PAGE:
Emory celebrates Shakespeare as First Folio's arrival nears
Emory Report | Sept. 27, 2016
The Second, Third and Fourth Folios are now on view in the Rose Library, leading up to an exhibit of the First Folio opening Nov. 5 at the Carlos Museum. Emory is the only site in Georgia to host the First Folio and one of only a few sites to exhibit all of the Folios together.
Four hundred years after his death, William Shakespeare is the focus of a campus-wide celebration at Emory University, with exhibitions, events and performances that honor the genius of the world's most famous playwright.
The centerpiece of the celebration is the arrival of the First Folio, the first collected edition of Shakespeare's plays, published in 1623, just seven years after his death. The First Folio will be on view at Emory's Michael C. Carlos Museum from Nov. 5 through Dec. 11, the only display of the literary treasure in Georgia.
"The First Folio includes the first printing of many of Shakespeare's plays," explains Emory English professor Sheila Cavanagh, director of the World Shakespeare Project. "If his colleagues had not gathered Shakespeare's works and published them in this volume, we would not have many of the plays we associate most closely with Shakespeare."
Leading up to the arrival of the First Folio, the Second (1632), Third (1663) and Fourth Folios (1685) are currently on display in the Stuart A. Rose Manuscript, Archives, and Rare Book Library. This special opportunity to view these folios within a broad context is made possible by a loan of the Second and Third Folios from Rose Library benefactor Stuart A. Rose.
“The much-anticipated arrival of the First Folio provides the opportunity for Emory to share with the entire campus and community a more complete understanding of the literary and publishing worldview and to showcase some of our own rare holdings," says Rosemary M. Magee, director of the Rose Library. "Each of the Folios has a story to tell."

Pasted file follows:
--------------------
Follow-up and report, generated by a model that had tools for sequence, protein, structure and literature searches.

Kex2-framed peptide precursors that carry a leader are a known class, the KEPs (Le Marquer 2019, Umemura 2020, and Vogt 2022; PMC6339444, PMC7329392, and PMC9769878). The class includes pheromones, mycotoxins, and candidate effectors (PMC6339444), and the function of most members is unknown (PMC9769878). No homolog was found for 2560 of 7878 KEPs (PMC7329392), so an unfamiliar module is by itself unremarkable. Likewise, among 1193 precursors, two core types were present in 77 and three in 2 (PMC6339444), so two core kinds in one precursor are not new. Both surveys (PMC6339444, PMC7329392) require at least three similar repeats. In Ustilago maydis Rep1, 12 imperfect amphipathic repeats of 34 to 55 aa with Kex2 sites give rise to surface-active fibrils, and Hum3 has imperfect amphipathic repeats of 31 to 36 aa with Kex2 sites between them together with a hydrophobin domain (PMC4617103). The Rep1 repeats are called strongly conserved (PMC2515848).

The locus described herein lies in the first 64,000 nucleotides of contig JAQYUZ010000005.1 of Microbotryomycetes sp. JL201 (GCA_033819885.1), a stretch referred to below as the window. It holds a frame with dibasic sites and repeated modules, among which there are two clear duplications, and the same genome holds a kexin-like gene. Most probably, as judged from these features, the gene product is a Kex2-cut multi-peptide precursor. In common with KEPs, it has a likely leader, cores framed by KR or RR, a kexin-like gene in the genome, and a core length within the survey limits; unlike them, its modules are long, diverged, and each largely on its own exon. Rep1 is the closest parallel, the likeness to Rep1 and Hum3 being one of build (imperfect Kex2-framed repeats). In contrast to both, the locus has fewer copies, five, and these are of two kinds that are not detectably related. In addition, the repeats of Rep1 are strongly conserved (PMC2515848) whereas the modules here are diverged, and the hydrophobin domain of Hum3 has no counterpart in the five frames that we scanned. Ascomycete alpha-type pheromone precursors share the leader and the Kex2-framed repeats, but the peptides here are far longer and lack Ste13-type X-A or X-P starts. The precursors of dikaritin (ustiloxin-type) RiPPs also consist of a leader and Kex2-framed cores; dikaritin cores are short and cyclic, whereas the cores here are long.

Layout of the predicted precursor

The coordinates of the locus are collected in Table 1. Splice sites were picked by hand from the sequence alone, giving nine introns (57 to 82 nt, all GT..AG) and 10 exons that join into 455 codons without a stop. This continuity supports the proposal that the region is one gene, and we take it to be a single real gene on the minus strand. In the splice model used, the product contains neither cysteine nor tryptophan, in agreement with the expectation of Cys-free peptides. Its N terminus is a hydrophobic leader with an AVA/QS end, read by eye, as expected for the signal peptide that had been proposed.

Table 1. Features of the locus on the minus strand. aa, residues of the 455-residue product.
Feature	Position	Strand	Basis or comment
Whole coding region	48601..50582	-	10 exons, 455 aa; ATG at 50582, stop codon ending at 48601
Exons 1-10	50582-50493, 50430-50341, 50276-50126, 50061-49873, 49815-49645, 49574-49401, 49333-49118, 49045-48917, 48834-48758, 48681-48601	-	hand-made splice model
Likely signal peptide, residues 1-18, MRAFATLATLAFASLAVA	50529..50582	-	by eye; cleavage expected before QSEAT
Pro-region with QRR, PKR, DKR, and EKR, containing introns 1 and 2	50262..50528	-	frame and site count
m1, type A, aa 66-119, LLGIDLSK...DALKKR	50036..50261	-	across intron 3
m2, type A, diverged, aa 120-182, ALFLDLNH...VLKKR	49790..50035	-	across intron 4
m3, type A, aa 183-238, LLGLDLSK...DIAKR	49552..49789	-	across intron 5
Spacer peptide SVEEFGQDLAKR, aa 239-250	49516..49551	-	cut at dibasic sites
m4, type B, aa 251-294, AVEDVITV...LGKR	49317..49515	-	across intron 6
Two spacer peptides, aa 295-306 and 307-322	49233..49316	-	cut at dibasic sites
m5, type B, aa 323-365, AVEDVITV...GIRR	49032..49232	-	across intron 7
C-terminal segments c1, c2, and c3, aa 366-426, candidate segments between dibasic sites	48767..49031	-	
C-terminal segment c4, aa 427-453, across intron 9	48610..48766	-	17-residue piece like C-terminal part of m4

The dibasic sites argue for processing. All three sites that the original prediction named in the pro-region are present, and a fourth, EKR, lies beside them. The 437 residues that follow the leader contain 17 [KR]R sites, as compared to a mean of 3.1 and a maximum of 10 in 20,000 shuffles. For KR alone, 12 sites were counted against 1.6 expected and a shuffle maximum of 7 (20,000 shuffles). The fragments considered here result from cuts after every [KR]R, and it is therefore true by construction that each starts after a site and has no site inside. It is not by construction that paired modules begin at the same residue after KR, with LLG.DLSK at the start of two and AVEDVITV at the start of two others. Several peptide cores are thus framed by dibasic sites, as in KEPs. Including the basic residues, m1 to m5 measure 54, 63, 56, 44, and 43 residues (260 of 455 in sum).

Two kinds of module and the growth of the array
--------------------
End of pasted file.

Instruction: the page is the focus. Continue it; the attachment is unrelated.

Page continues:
In addition to the Folios, the exhibit includes rare materials from the Rose Library collections by Saint Thomas Aquinas (c. 1470), the Caxton Polychronicon (published by Caxton, 1482), and The Workes of Benjamin Jonson (1616), along with other volumes through the 20th century that show both the influences on Shakespeare’s Folios and their enduring significance.
"To the Great Variety of Readers: Publishing Shakespeare" will be on view on the 10th floor of Woodruff Library through Oct. 28.
Building up to the First Folio's arrival
The Folger Shakespeare Library, in partnership with Cincinnati Museum Center and the American Library Association, is touring a First Folio in 2016 to all 50 states, Washington, D.C., and Puerto Rico.
Emory was selected as the Georgia host for "First Folio! The Book That Gave Us Shakespeare" based on a proposal submitted by Magee and Cavanagh, along with others at the Rose Library and the Carlos Museum, that emphasized Emory’s broad base of support and involvement that will speak to people of all ages and backgrounds.
"Emory successfully competed to be Georgia's site on the First Folio Tour, which allows us to share the remarkable resources of our libraries, museum, faculty, performers and students with visitors from across the state and the Southeast," Cavanagh says.
Shakespeare at Emory events began last spring and will continue through this academic year, with a variety of activities, presentations and exhibits hosted by the Carlos Museum, Emory Libraries and Theater Emory.
Last week, Theater Emory launched its 2016-17 season, "Shakespeare Through Many Lenses," with Rodgers and Hart's "The Boys from Syracuse," a musical adaptation of Shakespeare's “The Comedy of Errors.” The first American musical comedy based on a Shakespeare play, the raucous farce runs through Oct. 2 in the Theater Lab of the Schwartz Center for Performing Arts.
Earlier this month, the Carlos Museum's Carlos Reads Book Club kicked off its fall series with "Titus Andronicus." Guided by Cavanagh, the book club will read and discuss all of Shakespeare's plays set in antiquity, continuing through Dec. 12; the program is filled to capacity.